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# Department of Information Systems, Statistics & Management Science

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### Browsing Department of Information Systems, Statistics & Management Science by Author "Barrett, Bruce E."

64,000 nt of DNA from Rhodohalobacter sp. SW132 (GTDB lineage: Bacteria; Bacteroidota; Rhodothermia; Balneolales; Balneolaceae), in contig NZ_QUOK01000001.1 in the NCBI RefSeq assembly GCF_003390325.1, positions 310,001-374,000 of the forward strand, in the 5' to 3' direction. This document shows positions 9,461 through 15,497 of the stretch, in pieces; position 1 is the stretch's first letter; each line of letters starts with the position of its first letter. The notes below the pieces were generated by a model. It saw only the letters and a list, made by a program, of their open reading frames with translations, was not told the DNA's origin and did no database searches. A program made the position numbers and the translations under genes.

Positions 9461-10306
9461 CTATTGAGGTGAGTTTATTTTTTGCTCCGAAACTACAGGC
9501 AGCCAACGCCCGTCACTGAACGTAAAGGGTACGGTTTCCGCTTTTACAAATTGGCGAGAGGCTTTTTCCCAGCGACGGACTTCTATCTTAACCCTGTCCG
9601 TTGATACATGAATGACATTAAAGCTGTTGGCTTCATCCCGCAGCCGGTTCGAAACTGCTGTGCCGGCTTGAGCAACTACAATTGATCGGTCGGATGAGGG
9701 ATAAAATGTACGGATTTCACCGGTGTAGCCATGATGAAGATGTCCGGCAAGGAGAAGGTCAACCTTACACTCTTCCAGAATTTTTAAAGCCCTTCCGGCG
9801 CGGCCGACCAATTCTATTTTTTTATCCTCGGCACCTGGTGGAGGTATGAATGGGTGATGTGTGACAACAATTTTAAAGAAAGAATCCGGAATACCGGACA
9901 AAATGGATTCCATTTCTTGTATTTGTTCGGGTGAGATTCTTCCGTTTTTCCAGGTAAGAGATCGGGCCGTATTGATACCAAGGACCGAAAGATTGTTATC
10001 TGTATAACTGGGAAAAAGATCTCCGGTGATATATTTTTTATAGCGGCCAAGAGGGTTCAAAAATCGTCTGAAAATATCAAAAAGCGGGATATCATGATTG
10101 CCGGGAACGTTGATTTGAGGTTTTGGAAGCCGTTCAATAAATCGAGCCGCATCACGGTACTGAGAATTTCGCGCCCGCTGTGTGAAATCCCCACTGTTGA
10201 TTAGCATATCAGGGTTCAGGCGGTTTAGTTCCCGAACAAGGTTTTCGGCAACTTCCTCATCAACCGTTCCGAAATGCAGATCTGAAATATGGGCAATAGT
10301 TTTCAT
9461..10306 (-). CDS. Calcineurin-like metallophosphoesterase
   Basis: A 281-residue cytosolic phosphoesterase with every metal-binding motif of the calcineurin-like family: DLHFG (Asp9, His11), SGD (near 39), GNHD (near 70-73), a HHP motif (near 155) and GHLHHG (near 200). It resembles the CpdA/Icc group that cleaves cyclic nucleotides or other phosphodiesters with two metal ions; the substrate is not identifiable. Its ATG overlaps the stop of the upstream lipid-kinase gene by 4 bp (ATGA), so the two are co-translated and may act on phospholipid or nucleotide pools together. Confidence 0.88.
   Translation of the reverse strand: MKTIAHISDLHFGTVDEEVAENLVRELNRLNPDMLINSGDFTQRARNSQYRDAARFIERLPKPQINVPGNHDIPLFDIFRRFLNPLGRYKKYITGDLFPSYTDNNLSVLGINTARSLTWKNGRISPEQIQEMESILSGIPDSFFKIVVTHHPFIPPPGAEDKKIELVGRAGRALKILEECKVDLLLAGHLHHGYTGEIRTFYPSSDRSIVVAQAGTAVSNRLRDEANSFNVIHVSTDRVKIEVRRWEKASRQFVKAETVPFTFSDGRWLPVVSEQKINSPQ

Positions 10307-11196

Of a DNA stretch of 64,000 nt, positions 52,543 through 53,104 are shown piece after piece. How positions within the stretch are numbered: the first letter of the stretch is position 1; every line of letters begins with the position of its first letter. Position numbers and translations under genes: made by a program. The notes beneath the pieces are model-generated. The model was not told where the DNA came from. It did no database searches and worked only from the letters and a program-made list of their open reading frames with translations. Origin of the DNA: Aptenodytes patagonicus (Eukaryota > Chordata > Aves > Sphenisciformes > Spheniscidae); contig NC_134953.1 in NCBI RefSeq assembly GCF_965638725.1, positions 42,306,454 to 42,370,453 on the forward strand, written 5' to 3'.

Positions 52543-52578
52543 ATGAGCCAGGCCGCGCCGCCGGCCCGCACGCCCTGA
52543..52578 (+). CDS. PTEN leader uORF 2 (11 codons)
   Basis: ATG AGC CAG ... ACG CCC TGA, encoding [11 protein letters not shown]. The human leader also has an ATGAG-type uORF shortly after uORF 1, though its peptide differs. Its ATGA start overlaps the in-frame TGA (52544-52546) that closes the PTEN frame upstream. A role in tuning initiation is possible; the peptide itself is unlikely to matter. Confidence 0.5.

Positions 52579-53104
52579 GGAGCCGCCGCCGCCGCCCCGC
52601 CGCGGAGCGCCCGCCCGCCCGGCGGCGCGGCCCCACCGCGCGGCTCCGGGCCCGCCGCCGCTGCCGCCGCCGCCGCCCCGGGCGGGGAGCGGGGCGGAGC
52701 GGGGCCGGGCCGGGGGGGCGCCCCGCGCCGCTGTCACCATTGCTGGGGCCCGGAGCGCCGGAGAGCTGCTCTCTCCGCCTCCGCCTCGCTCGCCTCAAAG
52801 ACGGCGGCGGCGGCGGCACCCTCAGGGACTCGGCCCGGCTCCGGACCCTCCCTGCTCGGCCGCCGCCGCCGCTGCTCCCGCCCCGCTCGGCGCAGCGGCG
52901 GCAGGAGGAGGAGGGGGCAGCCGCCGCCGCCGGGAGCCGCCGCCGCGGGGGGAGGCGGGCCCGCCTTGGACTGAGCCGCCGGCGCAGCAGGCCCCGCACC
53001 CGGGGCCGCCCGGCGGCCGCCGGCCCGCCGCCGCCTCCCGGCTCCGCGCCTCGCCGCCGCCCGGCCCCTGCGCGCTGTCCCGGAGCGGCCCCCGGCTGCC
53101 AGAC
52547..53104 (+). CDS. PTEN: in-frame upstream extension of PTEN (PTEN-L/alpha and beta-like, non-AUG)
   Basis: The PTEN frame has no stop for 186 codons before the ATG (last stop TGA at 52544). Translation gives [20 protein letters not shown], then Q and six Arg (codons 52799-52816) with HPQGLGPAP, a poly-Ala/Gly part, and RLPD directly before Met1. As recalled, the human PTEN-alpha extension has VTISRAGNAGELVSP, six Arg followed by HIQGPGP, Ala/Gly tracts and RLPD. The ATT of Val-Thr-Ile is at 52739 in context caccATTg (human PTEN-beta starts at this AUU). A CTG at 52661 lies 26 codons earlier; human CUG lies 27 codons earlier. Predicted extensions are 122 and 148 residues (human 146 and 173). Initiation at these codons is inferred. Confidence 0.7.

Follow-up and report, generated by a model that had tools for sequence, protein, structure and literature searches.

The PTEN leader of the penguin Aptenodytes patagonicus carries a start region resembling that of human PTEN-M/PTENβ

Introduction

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Item Contributions to joint monitoring of location and scale parameters: some theory and applications(University of Alabama Libraries, 2012) McCracken, Amanda Kaye; Chakraborti, Subhabrata; University of Alabama TuscaloosaShow more Since their invention in the 1920s, control charts have been popular tools for use in monitoring processes in fields as varied as manufacturing and healthcare. Most of these charts are designed to monitor a single process parameter, but recently, a number of charts and schemes for jointly monitoring the location and scale of processes which follow two-parameter distributions have been developed. These joint monitoring charts are particularly relevant for processes in which special causes may result in a simultaneous shift in the location parameter and the scale parameter. Among the available schemes for jointly monitoring location and scale parameters, the vast majority are designed for normally distributed processes for which the in-control mean and variance are known rather than estimated from data. When the process data are non-normally distributed or the process parameters are unknown, alternative control charts are needed. This dissertation presents and compares several control schemes for jointly monitoring data from Laplace and shifted exponential distributions with known parameters as well as a pair of charts for monitoring data from normal distributions with unknown mean and variance. The normal theory charts are adaptations of two existing procedures for the known parameter case, Razmy's (2005) Distance chart and Chen and Cheng's (1998) Max chart, while the Laplace and shifted exponential charts are designed using an appropriate statistic for each parameter, such as the maximum likelihood estimators.Show more Item Contributions to outlier detection methods: some theory and applications(University of Alabama Libraries, 2011) Dovoedo, Yinaze Herve; Chakraborti, Subhabrata; University of Alabama TuscaloosaShow more Tukey's traditional boxplot (Tukey, 1977) is a widely used Exploratory Data Analysis (EDA) tools often used for outlier detection with univariate data. In this dissertation, a modification of Tukey's boxplot is proposed in which the probability of at least one false alarm is controlled, as in Sim et al. 2005. The exact expression for that probability is derived and is used to find the fence constants, for observations from any specified location-scale distribution. The proposed procedure is compared with that of Sim et al., 2005 in a simulation study. Outlier detection and control charting are closely related. Using the preceding procedure, one- and two-sided boxplot-based Phase I control charts for individual observations are proposed for data from an exponential distribution, while controlling the overall false alarm rate. The proposed charts are compared with the charts by Jones and Champ, 2002, in a simulation study. Sometimes, the practitioner is unable or unwilling to make an assumption about the form of the underlying distribution but is confident that the distribution is skewed. In that case, it is well documented that the application of Tukey's boxplot for outlier detection results in increased number of false alarms. To this end, in this dissertation, a modification of the so-called adjusted boxplot for skewed distributions by Hubert and Vandervieren, 2008, is proposed. The proposed procedure is compared to the adjusted boxplot and Tukey's procedure in a simulation study. In practice, the data are often multivariate. The concept of a (statistical) depth (or equivalently outlyingness) function provides a natural, nonparametric, "center-outward" ordering of a multivariate data point with respect to data cloud. The deeper a point, the less outlying it is. It is then natural to use some outlyingness functions as outlier identifiers. A simulation study is performed to compare the outlier detection capabilities of selected outlyingness functions available in the literature for multivariate skewed data. Recommendations are provided.Show more Item The development of diagnostic tools for mixture modeling and model-based clustering(University of Alabama Libraries, 2016) Zhu, Xuwen; Melnykov, Volodymyr; University of Alabama TuscaloosaShow more Cluster analysis performs unsupervised partition of heterogeneous data. It has applications in almost all fields of study. Model-based clustering is one of the most popular clustering methods these days due to its flexibility and interpretability. It is based on finite mixture models. However, the development of diagnostic tools and visualization tools for clustering procedures is limited. This dissertation is devoted to assessing different properties of the clustering procedure. This report has four chapters. The summary of each chapter is given below: In the first chapter we provide the practitioners with an approach to assess the certainty of a classification made in model-based clustering. The second chapter introduces a novel finite mixture model called Manly mixture model. It is capable of modeling skewness in data and performs diagnostics on the normality of variables. In the third chapter we develop an extension of the traditional K-means procedure that is capable of modeling skewness in data. The fourth chapter contributes to the ManlyMix R package, which is the developed software corresponding to our paper in Chapter 2.Show more Item GA-Boost: a genetic algorithm for robust boosting(University of Alabama Libraries, 2012) Oh, Dong-Yop; Gray, J. Brian; University of Alabama TuscaloosaShow more Many simple and complex methods have been developed to solve the classification problem. Boosting is one of the best known techniques for improving the prediction accuracy of classification methods, but boosting is sometimes prone to overfit and the final model is difficult to interpret. Some boosting methods, including Adaboost, are very sensitive to outliers. Many researchers have contributed to resolving boosting problems, but those problems are still remaining as hot issues. We introduce a new boosting algorithm "GA-Boost" which directly optimizes weak learners and their associated weights using a genetic algorithm, and three extended versions of GA-Boost. The genetic algorithm utilizes a new penalized fitness function that consists of three parameters (a, b, and p) which limit the number of weak classifiers (by b) and control the effects of outliers (by a) to maximize an appropriately chosen p-th percentile of margins. We evaluate GA-Boost performance with an experimental design and compare it to AdaBoost using several artificial and real-world data sets from the UC-Irvine Machine Learning Repository. In experiments, GA-Boost was more resistant to outliers and resulted in simpler predictive models than AdaBoost. GA-Boost can be applied to data sets with three different weak classifier options. We introduce three extended versions of GA-Boost, which performed very well on two simulation data sets and three real world data sets.Show more Item On robust estimation of multiple change points in multivariate and matrix processes(University of Alabama Libraries, 2017) Melnykov, Yana; Perry, Marcus B.; University of Alabama TuscaloosaShow more There are numerous areas of human activities where various processes are observed over time. If the conditions of the process change, it can be reflected through the shift in observed response values. The detection and estimation of such shifts is commonly known as change point inference. While the estimation helps us learn about the process nature, assess its parameters, and analyze identified change points, the detection focuses on finding shifts in the real-time process flow. There is a vast variety of methods proposed in the literature to target change point detections in both settings. Unfortunately, the majority of procedures impose very restrictive assumptions. Some of them include the normality of data, independence of observations, or independence of subjects in multisubject studies. In this dissertation, a new methodology, relying on more realistic assumptions, is developed. This dissertation report includes three chapters. The summary of each chapter is provided below. In the first chapter, we develop methodology capable of estimating and detecting multiple change points in a multisubject single variable process observed over time. In the second chapter, we introduce methodology for the robust estimation of change points in multivariate processes observed over time. In the third chapter, we generalize the ideas presented in the first two chapters by developing methodology capable of identifying multiple change points in multisubject matrix processes observed over time.Show more Item Some contributions to univariate nonparametric tests and control charts(University of Alabama Libraries, 2017) Zheng, Rong; Chakraborti, Subhabrata; University of Alabama TuscaloosaShow more In general, statistical methods have two categories: parametric and nonparametric. Parametric analysis is usually made based on information regarding the probability distribution of the random variable. While, nonparametric method is also referred as a distribution-free procedure, which does not require prior knowledge of the distribution of the random variable. In reality, few cases allow practitioners to gain full knowledge of a random variable and tell the probability distribution for sure. Hence, there are two choices for practitioners. One can still use the parametric methods due to the scientific evaluations or the simplification of situation, with an assumption of the parametric distribution. Alternatively, one can directly apply the nonparametric methods without having much knowledge of the distribution. The conclusions from the parametric methods are valid as long as the assumptions are substantiated. These assumptions would help solving problems, but also risky because making a wrong assumption might be dangerous. Hence, nonparametric techniques would be a preferable alternative. One chief advantage of the nonparametric methods lies in its relaxation of the shapes of the distributions, namely, distribution-free property. Hence, from a research point of view, new methodology with nonparametric techniques applied, or further investigation related to existing nonparametric techniques could be interesting, informative and valuable. All research in this matter contributes to univariate nonparametric tests and control charts.Show more Item Three essays on improving ensemble models(University of Alabama Libraries, 2013) Xu, Jie; Gray, J. Brian; University of Alabama TuscaloosaShow more Ensemble models, such as bagging (Breiman, 1996), random forests (Breiman, 2001a), and boosting (Freund and Schapire, 1997), have better predictive accuracy than single classifiers. These ensembles typically consist of hundreds of single classifiers, which makes future predictions and model interpretation much more difficult than for single classifiers. Breiman (2001b) gave random forests a grade of A+ in predictive performance, but a grade of F in interpretability. Breiman (2001a) also mentioned that the performance of an ensemble model depends on the strengths of the individual classifiers in the ensemble and the correlations among them. Reyzin and Schapire (2006) stated that "the margins explanation basically says that when all other factors are equal, higher margins result in lower error," which is referred to as the "large margin theory." Shen and Li (2010) showed that the performance of an ensemble model is related to the mean and the variance of the margins. In this research, we improve ensemble models from two perspectives, increasing the interpretability and/or decreasing the test error rate. We first propose a new method based on quadratic programming that uses information on the strengths of the individual classifiers in the ensemble and their correlations, to improve or maintain the predictive accuracy of an ensemble while significantly reducing its size. In the second essay, we improve the predictive accuracy of random forests by adding an AdaBoost-like improvement step to random forests. Finally, we propose a method to improve the strength of the individual classifiers by using fully-grown trees fitted on weighted resampling training data and then combining the trees by using the AdaBoost method.Show more Item Three essays on the use of margins to improve ensemble methods(University of Alabama Libraries, 2012) Martinez Cid, Waldyn Gerardo; Gray, J. Brian; University of Alabama TuscaloosaShow more Ensemble methods, such as bagging (Breiman, 1996), boosting (Freund and Schapire, 1997) and random forests (Breiman, 2001) combine a large number of classifiers through (weighted) voting to produce strong classifiers. To explain the successful performance of ensembles and particularly of boosting, Schapire, Freund, Bartlett and Lee (1998) developed an upper bound on the generalization error of an ensemble based on the margins, from which it was concluded that larger margins should lead to lower generalization error, everything else being equal (sometimes referred to as the "large margins theory"). This result has led many researchers to consider direct optimization of functions of the margins (see, e.g., Grove and Schuurmans, 1998; Breiman, 1999 Mason, Bartlett and Baxter, 2000; and Shen and Li, 2010). In this research, we show that the large margins theory is not sufficient for explaining the performance of AdaBoost. Shen and Li (2010) and Xu and Gray (2012) provide evidence suggesting that generalization error might be reduced by increasing the mean and decreasing the variance of the margins, which we refer to as "squeezing" the margins. For that reason, we also propose several alternative techniques for squeezing the margins and evaluate their effectiveness through simulations with real and synthetic data sets. In addition to the margins being a determinant of the performance of ensembles, we know that AdaBoost, the most common boosting algorithm, can be very sensitive to outliers and noisy data, since it assigns observations that have been misclassified a higher weight in subsequent runs. Therefore, we propose several techniques to identify and potentially delete noisy samples in order to improve its performance.Show more